|Publication number||US6888175 B1|
|Application number||US 09/087,166|
|Publication date||May 3, 2005|
|Filing date||May 29, 1998|
|Priority date||May 29, 1998|
|Also published as||WO1999063580A2, WO1999063580A3|
|Publication number||087166, 09087166, US 6888175 B1, US 6888175B1, US-B1-6888175, US6888175 B1, US6888175B1|
|Inventors||Tairan Wang, Nikolaj Moll, Kyeongjae Cho, John D. Joannopoulos|
|Original Assignee||Massachusetts Institute Of Technology|
|Export Citation||BiBTeX, EndNote, RefMan|
|Patent Citations (13), Non-Patent Citations (18), Referenced by (4), Classifications (27), Legal Events (4)|
|External Links: USPTO, USPTO Assignment, Espacenet|
This invention was made with government support under Grant No. N00014-97-1-0545 awarded by the U.S. Navy. The government has certain rights in the invention.
The invention relates to compound semiconductor structures provided with lattice and polarity matched heteroepitaxial layers.
There has been a major international effort on the heteroepitaxial growth of compound tetrahedrally coordinated semiconductors on Si substrates by MBE, MOCVD, etc.; on the fabrication of devices and circuits in these layers; and on the monolithic integration of such components with Si circuits fabricated on the same wafer. This effort is based on the significant potential that epitaxial growth of dissimilar semiconductor structures holds for technological applications. Nevertheless, relatively little theoretical work has been performed to understand the fundamental interactions and global issues governing the initial stages of growth and the structure of the first few mono-layers in these systems.
Of specific interest, for example, are the prototypical optically active systems GaAs on Si(100) and GaN on SiC/Si. At present, optoelectronics involves growth of structures like GaAs (an optical material because of its direct band-gap) on substrates of Si (an electronic material with an indirect band-gap). For the future, GaN is of particular interest for optoelectronics applications in the blue and near UV because of its direct wide band gaps. Unfortunately, the large lattice constant mismatches between the substrates and the epitaxial layers cause many defects to be created and propagate from the interface, as can be seen in Table 1 provided hereinafter. Moreover, this is exacerbated by the interface charge mismatch caused by polarity differences between GaAs and Si.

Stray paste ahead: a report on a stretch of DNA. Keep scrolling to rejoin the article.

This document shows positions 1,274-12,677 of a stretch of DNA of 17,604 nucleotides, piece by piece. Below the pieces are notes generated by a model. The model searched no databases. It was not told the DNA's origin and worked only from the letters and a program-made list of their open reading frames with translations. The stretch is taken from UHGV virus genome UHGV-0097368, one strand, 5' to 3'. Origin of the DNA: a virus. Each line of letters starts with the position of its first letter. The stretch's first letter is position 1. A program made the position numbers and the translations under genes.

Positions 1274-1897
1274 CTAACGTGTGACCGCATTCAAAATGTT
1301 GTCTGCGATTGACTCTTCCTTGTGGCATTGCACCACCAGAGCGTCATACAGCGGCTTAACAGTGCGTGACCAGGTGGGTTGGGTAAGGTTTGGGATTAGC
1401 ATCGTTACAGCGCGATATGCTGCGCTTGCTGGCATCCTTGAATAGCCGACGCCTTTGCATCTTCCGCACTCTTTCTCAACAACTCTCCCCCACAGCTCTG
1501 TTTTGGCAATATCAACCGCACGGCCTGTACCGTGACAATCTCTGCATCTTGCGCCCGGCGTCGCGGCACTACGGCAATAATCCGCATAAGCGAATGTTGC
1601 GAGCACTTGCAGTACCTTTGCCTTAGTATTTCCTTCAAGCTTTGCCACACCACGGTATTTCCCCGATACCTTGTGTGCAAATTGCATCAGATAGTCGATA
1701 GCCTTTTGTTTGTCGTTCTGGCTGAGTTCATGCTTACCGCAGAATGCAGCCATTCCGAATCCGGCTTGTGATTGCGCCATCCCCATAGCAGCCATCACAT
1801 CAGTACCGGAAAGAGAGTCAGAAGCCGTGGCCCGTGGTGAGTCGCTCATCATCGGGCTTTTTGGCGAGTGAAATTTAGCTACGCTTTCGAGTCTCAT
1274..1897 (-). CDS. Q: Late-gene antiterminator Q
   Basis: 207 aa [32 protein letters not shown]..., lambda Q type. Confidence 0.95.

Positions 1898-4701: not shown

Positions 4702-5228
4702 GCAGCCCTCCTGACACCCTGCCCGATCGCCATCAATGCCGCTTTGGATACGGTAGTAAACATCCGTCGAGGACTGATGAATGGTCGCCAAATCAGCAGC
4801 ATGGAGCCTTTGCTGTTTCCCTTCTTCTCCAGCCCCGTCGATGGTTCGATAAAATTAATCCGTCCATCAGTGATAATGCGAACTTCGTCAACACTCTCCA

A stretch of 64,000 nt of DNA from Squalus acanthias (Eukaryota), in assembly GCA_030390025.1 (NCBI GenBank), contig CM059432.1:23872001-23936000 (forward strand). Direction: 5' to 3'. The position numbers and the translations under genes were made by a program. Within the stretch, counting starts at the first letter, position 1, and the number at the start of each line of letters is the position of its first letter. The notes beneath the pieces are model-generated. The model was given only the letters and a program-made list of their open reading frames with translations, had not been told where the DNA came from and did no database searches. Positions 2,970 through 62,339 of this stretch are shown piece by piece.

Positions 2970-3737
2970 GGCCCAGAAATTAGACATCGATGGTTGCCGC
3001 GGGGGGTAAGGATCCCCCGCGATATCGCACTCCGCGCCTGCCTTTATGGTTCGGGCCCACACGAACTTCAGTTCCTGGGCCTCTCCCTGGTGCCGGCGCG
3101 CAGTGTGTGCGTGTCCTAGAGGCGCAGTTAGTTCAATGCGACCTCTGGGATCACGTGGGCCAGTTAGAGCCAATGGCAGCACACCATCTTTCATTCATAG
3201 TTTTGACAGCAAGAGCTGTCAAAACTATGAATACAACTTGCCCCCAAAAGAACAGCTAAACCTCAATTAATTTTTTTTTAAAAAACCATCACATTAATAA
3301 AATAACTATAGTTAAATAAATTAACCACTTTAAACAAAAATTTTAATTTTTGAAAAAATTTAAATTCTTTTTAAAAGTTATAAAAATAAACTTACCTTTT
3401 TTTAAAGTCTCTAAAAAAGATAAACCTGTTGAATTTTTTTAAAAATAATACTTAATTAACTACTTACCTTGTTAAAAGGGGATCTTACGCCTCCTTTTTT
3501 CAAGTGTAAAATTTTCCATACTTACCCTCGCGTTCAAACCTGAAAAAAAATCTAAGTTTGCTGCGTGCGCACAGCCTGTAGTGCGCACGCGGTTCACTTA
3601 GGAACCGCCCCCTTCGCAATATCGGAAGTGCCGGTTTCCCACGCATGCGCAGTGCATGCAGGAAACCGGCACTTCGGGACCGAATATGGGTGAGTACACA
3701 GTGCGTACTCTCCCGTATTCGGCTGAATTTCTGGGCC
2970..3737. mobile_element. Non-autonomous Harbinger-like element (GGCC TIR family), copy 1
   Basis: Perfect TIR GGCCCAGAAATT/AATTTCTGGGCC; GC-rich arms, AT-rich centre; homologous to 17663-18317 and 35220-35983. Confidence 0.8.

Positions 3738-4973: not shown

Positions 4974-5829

Table 1 illustrates the typical structures used in the electronics industry and their experimental lattice constant mismatches relative to Si Δa/aSi. Most of the structures have a large lattice constant mismatch with Si. For those with a small lattice constant mismatch, there is still the problem of polarity mismatch.
Therefore, there is a need for a semiconductor structure with epitaxial layers that are polarity and lattice matched, and which exhibit tunable properties to obtain, for example, a direct band gap.
The invention provides a semiconductor structure specifically designed to consist of four to six types of atoms which on the average behave like Ga or As, by a systematic exploration of the geometric, electronic and optical properties of a new class of compound semiconductors. The flexibility in the choice of ordering and sizes of atoms is used to (1) match the polarity of the substrate surface, (2) eliminate the lattice mismatch and (3) tune other properties, such as obtaining a direct band-gap.
In cases where two tetrahedrally coordinated compounds can not grow directly on top of each other because of large lattice mismatches and/or polarity mismatches, a set of these new structures of gradually changing lattice constants can serve as buffer layers to bridge between the two target structures.
Some of the major problems facing heteroepitaxial growth of compound tetrahedrally coordinated semiconductors on various substrates are lattice constant mismatch and polarity mismatch. The invention provides a new type of compound tetrahedrally coordinated semiconductor, whose chemical formula is generally of the form IInIIImIVlVpVIq, where n, m, l, p, q represent the relative abundance of each element associated with a particular group of the periodic table. The flexibility of the chemical formula may be used to adjust the lattice constant and polarity to eliminate mismatches from substrates. Other properties, such as those of band gaps, can also be tuned. The design is amenable to layer-by-layer heteroepitaxial growth. In exemplary embodiments, a structure is provided that matches lattice constant and polarity with a Si(100) surface, while having a direct band gap of 1.59 μm.